PDF guides

    DocsPlus’ built-in User Guide is also available to download as a PDF. This can be printed out or opened on another device, so it can be viewed side-by-side with DocsPlus (particularly useful if you wish to work through the guide sequentially).

    If you use a Crick USB Switch Box, the Switch Timings in DocsPlus guide explains how DocsPlus can be adapted to suit the characteristics of a diverse range of switch users.

    If you use eye-tracking technology, the Using Eye Gaze in DocsPlus guide explains how the Eye Gaze feature in DocsPlus can make it easier for users to select things by looking at them.

    Answers to common queries

    These newly-published support articles provide answers to common queries:

    DPWH2 - How do I transfer licenses?

    DPWH6 - Does DocsPlus run on an iPad or Android tablet?

    DPWH8 - How do I change the pronunciation of a word in DocsPlus?

    DPWH9 - How do I add words to the DocsPlus spell checker?

    DPWH10 - Which switches can I use with DocsPlus?

    DPWH14 - How can students use DocsPlus at home?

    DPWH19 - How do I delete files from Explorer?

    DPWH21 - How do I stop the on-screen keyboard from appearing?

    DPWH24 - How do I see which spellings were corrected in a Document?

    DPWH25 - How do I save DocsPlus Document as a Word Document or PDF?

    DPWH26 - How do I set up picture shortcuts?

    DPWH30 - How do I make DocsPlus's Eye Gaze work on my Tobii device?

  • On LearningGrids, we have created three different types of Clicker Communicator sets with different colour-coding systems.

    The majority of our Clicker Communicator sets use a modified Fitzgerald colour-coding system, with people and pronouns in yellow, verbs in green, nouns in orange, places in purple, adjectives in blue, prepositions and social words in pink, and conjunctions and other miscellaneous words in white. This type of set includes our topic vocabulary resources which provide the opportunity for focused “scaffolded talk” in a curriculum context. With Materials and Properties for example, pupils can respond to questions about the materials that objects are made from. Guess the Shape allows pupils to play a shape guessing game by asking questions about the number and type of sides that a shape has.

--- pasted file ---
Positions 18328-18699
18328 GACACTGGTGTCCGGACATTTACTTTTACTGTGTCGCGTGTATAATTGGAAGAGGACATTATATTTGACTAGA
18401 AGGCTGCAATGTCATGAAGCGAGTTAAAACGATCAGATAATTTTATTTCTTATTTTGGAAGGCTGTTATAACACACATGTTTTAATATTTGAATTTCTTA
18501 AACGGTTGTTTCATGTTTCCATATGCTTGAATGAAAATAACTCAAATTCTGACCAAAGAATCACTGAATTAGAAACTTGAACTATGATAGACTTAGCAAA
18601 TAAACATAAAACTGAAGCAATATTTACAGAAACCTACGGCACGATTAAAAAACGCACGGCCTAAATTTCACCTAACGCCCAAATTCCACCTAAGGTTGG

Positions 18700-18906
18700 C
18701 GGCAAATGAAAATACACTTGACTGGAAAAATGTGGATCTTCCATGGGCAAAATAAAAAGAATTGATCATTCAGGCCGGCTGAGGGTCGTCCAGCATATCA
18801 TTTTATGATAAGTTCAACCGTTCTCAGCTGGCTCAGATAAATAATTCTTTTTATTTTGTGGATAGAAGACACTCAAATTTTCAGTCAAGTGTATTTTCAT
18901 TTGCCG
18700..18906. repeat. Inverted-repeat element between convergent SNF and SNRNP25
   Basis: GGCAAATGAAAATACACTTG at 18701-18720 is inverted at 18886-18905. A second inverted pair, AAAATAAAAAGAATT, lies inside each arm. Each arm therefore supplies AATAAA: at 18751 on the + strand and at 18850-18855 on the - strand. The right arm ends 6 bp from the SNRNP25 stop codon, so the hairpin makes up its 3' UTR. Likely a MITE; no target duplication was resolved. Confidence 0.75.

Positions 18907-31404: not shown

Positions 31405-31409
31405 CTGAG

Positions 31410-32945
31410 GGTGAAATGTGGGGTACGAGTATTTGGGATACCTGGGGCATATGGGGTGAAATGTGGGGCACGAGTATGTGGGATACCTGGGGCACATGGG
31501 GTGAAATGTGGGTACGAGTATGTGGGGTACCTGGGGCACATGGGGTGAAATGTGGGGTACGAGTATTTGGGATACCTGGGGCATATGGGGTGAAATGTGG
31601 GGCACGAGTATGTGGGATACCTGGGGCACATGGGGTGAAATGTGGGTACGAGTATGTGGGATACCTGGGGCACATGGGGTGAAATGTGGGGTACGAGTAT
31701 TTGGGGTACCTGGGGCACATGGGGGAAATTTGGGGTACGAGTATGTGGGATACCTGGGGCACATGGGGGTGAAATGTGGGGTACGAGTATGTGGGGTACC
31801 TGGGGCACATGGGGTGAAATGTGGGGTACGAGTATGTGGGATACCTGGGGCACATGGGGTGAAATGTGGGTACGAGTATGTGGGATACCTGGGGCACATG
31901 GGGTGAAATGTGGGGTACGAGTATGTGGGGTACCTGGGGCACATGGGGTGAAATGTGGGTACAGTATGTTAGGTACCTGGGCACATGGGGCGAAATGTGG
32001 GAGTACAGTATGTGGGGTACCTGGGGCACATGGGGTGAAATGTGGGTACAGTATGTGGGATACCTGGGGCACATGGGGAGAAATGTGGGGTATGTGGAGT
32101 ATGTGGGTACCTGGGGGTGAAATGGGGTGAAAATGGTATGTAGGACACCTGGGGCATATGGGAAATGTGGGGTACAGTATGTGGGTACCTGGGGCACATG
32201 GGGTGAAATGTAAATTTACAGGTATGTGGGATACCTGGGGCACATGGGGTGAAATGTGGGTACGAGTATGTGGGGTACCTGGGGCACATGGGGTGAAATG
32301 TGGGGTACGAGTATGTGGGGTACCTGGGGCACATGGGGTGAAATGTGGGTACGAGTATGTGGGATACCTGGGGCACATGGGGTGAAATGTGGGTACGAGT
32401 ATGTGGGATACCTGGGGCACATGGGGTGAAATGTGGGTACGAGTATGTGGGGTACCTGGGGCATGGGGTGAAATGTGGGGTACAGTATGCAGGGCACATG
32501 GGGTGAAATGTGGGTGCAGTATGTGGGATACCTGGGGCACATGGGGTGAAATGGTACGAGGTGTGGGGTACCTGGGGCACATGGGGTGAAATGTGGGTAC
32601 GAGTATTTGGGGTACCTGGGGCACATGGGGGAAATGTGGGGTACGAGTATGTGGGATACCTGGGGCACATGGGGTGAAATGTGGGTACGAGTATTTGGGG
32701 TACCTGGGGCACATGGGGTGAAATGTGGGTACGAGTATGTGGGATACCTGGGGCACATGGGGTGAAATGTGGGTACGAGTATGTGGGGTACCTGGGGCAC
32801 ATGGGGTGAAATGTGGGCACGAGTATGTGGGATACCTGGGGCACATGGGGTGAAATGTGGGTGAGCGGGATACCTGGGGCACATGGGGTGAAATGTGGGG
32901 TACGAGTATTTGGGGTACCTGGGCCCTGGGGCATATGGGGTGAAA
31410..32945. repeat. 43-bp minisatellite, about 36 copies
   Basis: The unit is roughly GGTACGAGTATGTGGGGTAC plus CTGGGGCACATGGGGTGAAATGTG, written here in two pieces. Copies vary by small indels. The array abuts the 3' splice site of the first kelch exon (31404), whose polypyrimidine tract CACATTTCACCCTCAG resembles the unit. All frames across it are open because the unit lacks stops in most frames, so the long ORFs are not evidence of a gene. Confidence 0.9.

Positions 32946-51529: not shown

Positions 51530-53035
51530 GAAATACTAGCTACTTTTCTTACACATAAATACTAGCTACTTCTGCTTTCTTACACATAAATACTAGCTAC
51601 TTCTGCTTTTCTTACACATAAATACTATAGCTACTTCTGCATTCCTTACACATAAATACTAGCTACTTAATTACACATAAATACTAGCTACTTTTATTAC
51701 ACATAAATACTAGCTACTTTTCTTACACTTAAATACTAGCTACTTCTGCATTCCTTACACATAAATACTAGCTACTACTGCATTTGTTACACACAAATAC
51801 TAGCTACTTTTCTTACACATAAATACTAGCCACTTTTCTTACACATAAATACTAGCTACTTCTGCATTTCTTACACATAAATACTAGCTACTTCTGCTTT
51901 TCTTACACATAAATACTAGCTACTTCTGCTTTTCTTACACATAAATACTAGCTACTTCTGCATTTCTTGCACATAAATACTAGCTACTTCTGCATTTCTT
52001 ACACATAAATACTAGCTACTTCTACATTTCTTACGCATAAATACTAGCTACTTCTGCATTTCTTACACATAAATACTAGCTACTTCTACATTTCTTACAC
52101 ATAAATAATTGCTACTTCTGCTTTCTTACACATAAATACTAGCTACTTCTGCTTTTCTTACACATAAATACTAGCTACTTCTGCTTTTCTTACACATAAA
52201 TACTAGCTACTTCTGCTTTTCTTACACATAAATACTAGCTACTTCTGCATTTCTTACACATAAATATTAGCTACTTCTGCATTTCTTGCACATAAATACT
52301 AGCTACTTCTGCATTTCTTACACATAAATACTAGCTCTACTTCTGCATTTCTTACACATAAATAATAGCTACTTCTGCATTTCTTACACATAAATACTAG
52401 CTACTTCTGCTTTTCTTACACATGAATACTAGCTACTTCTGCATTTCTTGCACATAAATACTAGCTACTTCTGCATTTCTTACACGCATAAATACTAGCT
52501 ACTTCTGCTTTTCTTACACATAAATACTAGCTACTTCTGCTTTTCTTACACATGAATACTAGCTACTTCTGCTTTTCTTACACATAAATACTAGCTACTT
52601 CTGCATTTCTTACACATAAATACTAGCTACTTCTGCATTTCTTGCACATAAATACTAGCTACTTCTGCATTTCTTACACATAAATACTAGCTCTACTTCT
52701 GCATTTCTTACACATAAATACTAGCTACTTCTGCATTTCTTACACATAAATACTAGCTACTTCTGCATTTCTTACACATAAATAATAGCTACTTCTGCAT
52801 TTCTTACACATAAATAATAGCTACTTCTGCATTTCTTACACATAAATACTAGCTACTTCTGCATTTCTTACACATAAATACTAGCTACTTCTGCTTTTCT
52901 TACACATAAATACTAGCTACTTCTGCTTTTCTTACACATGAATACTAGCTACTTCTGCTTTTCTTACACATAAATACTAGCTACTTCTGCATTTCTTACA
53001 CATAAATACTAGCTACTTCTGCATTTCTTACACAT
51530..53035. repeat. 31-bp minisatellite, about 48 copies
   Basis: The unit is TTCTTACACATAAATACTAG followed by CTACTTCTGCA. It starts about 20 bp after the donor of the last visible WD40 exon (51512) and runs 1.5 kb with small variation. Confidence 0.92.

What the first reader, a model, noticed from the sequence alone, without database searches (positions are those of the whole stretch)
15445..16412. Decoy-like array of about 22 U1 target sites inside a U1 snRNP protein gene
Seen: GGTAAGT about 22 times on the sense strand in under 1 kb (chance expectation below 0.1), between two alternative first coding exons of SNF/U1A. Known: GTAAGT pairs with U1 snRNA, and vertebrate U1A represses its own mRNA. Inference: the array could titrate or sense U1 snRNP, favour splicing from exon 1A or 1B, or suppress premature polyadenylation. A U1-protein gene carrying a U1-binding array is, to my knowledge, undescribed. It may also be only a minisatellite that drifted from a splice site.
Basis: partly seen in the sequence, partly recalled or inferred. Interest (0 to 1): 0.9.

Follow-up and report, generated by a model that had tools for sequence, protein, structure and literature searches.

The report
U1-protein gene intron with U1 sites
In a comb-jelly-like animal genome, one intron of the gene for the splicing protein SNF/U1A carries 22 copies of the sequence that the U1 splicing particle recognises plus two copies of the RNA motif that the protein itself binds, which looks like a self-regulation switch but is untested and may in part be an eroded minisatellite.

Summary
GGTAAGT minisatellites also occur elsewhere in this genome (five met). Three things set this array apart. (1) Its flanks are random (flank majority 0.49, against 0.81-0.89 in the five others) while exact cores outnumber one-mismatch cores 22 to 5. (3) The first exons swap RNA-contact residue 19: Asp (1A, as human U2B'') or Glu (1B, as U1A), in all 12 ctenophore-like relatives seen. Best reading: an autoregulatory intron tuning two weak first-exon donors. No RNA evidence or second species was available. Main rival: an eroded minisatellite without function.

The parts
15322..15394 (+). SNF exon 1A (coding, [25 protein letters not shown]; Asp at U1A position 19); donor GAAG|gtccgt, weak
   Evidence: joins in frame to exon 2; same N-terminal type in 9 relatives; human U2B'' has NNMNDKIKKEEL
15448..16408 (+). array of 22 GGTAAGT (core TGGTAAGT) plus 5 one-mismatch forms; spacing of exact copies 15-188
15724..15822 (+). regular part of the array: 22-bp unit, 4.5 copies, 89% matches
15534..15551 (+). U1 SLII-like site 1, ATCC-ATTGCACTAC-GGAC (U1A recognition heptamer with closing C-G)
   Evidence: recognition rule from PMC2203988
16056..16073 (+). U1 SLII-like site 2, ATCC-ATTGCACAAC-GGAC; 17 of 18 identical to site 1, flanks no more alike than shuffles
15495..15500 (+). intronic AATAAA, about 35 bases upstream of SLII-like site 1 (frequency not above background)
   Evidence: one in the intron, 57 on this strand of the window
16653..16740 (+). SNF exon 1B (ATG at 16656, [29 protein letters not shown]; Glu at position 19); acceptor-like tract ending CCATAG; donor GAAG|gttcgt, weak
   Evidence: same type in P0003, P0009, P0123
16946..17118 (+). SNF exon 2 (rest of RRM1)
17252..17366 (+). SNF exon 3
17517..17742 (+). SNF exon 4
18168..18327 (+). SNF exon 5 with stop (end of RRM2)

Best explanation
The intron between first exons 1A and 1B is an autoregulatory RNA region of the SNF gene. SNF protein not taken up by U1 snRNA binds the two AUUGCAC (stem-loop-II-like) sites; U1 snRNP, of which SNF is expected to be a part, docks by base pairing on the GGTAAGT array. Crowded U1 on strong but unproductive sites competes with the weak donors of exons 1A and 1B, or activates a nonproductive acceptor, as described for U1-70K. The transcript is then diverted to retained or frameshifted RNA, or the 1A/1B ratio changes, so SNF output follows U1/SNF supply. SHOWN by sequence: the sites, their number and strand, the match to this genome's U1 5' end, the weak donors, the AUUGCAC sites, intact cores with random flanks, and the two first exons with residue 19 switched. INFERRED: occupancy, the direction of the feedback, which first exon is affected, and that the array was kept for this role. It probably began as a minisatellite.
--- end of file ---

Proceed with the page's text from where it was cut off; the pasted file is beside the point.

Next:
Clicker Communicator - Fitzgerald Colour-Coding System

    Some of our other Clicker Communicator sets using the modified Fitzgerald colour-coding system include resources which are designed to support pupils as they retell a familiar story, such as The Tortoise and the Hare or Jack and the Beanstalk.

    Clicker Communicator - Sets - Familiar Stories

    Our colourful semantics sets use a different colour-coding system. These sets help pupils learn the important elements of a sentence, and how to join these elements together in the correct order. Pupils learn to associate different “types” of words with different colours to help them to gradually build sentences in stages, adding increasing detail (who/orange, what doing/yellow, what/green, and where/red) as their confidence and competence grows.

    Clicker Communicator - Colour-Coding System

    Clicker Communicator sets such as Twinkle Twinkle Little Star and One Two Buckle My Shoe are designed for children to join in and recite nursery rhymes. Each line of the rhymes is divided into colour-coded sections. Children choose from the coloured cells to recite each line. With these sets, each cell speaks as it is tapped so that children hear the rhyme as they go. They can then listen to the entire rhyme by tapping the message area.

    Clicker Communicator - Nursery Rhymes

    With all Clicker Communicator sets on LearningGrids, the colour-coding, as well as the content, can be changed to match your own school’s system, or to provide different support for your pupils.